Lightfoot processor forms heart of next generation wireless M2M solution
GSM/GPRS/Ethernet router based on Lightfoot 32-bit processor enables wireless communication between machines
Sunbury, Middlesex, UK 22 April 2002 DCT, a developer of high-performance, low-cost Java-enabled microprocessor solutions, has announced a small footprint GSM/GPRS/Ethernet router based on its 32-bit Lightfoot microprocessor, for the rapidly expanding wireless M2M (machine-to-machine) communication market. The company has teamed up with ByBox, a specialist in unattended delivery solutions, to provide wireless locker management services routed via the Lightfoot microprocessor and a GSM module from Sony Ericsson to Royal Mail and Parcel Force.
Nick Randell, software engineering director at DCT, said, "This
is a significant breakthrough in wireless M2M communication. Java is increasingly
becoming a requirement to enable wired and wireless network connectivity
in embedded systems and we are excited at the prospect of playing a key
role in its mass deployment."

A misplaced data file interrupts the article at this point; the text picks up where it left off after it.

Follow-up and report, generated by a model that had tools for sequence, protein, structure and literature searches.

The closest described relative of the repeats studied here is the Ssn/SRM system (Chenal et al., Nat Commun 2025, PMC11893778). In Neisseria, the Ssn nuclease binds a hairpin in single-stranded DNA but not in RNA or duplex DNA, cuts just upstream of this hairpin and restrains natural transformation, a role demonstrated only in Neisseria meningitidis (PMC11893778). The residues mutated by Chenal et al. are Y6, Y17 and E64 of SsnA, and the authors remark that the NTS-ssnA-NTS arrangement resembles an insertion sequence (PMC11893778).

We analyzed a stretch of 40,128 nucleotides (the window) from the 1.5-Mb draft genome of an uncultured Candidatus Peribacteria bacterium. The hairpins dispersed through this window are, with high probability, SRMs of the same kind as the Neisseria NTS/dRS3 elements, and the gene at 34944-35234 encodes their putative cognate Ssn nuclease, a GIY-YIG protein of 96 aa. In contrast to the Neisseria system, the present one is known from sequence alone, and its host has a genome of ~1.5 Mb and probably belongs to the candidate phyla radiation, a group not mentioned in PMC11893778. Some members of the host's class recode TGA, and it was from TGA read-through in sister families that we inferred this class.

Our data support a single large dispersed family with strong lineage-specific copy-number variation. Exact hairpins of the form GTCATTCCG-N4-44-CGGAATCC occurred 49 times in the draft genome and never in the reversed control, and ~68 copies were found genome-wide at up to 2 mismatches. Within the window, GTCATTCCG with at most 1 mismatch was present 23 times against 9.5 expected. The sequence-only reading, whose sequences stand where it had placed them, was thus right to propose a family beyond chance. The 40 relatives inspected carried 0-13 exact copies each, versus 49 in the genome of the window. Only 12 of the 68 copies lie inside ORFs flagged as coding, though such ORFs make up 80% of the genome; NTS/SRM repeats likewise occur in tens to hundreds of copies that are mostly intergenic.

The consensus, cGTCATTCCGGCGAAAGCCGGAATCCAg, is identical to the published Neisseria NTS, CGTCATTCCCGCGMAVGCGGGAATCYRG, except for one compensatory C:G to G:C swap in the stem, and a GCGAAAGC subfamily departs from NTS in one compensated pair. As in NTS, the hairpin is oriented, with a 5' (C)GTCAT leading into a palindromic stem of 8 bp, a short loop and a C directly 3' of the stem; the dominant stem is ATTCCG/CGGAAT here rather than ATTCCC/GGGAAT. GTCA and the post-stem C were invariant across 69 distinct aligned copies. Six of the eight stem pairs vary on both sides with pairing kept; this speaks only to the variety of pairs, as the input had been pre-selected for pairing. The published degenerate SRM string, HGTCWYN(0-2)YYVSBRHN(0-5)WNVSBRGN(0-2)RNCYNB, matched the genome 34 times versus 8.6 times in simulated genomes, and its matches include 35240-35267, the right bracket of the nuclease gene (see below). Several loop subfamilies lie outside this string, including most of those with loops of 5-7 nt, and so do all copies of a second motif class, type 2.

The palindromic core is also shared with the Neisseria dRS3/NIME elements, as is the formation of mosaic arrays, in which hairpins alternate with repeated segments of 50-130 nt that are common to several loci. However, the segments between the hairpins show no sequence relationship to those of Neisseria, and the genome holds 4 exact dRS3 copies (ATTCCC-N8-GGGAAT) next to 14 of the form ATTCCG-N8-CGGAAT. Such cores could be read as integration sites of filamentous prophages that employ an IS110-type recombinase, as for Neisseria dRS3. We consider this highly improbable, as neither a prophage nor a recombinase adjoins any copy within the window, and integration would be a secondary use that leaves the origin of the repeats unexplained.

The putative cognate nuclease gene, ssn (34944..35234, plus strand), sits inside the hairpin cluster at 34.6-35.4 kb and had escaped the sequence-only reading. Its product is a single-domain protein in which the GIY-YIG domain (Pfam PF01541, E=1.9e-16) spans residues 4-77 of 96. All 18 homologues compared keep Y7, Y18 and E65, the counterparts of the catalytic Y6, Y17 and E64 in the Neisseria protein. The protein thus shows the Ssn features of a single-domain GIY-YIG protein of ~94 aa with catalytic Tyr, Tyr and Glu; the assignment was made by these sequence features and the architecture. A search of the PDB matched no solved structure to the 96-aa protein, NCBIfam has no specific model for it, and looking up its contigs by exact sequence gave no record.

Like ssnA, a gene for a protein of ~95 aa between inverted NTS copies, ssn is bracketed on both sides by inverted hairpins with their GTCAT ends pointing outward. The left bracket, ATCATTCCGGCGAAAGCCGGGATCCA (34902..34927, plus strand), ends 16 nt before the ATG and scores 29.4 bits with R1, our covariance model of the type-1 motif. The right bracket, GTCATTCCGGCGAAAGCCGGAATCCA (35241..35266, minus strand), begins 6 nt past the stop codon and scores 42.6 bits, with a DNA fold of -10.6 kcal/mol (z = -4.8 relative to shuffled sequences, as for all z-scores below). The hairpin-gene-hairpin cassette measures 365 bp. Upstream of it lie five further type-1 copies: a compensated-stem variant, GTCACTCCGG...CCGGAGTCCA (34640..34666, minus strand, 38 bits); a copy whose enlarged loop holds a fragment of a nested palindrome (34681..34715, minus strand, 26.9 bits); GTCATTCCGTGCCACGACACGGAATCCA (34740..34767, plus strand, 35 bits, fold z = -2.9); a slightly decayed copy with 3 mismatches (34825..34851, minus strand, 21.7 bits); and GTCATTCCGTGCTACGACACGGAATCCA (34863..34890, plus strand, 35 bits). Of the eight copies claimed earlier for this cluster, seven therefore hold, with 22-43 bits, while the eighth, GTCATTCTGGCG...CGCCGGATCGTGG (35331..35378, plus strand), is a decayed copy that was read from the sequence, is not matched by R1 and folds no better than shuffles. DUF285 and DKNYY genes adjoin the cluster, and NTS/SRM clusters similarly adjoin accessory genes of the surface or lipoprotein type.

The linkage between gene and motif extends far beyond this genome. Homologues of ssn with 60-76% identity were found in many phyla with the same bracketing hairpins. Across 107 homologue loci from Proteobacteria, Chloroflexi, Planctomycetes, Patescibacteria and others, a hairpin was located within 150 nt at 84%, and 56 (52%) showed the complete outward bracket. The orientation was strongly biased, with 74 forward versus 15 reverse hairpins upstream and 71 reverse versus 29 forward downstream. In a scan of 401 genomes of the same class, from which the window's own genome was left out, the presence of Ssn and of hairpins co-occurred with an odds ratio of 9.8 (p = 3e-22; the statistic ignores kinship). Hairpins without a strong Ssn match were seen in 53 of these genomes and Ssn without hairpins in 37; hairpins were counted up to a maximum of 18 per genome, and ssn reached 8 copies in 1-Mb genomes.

Randell adds, "The code density offered by Lightfoot effectively signals the end of 8- and 16-bit microcontrollers and their ancient coding constraints."
ByBox specialises in electronic locker technology, allowing logistics companies to deliver parcels to its customers using banks of lockers at convenient public locations. ByBox technology then enables the logistics companys customers to securely collect, or return, parcels at their own convenience from these locker systems.
With the Lightfoot-based router and Sony Ericsson radio module, ByBox can now control and manage the locker systems over wireless communications networks such as GSM or GPRS. The software can dial in or out from the bank of lockers to the server to confirm locker status and control operations of the locker.
Stuart Miller, chief executive officer of ByBox, said, "This is a significant step in improving our product offering. Wireless M2M technology allows us to break free from the limitations of only being able to manage systems over the fixed line telecoms networks."
Commenting on the choice of Lightfoot, Miller added, "It was the best solution we could find on the market for the price, without the memory or footprint overheads. The system connects to the GSM/GPRS network, and the solution was delivered and running within four weeks of us specifying our needs."
Nick Randell added, "This is a really exciting application of Lightfoot,
and we are already getting interest from several companies for wireless
M2M applications, where intelligent communications between
machines is required, and where decisions need to be made based on machine
status and actions. Java is ideally suited to such requirements."
About wireless M2M
Java is a trademark of Sun Microsystems, Inc. Lightfoot
is a trademark of DCT.
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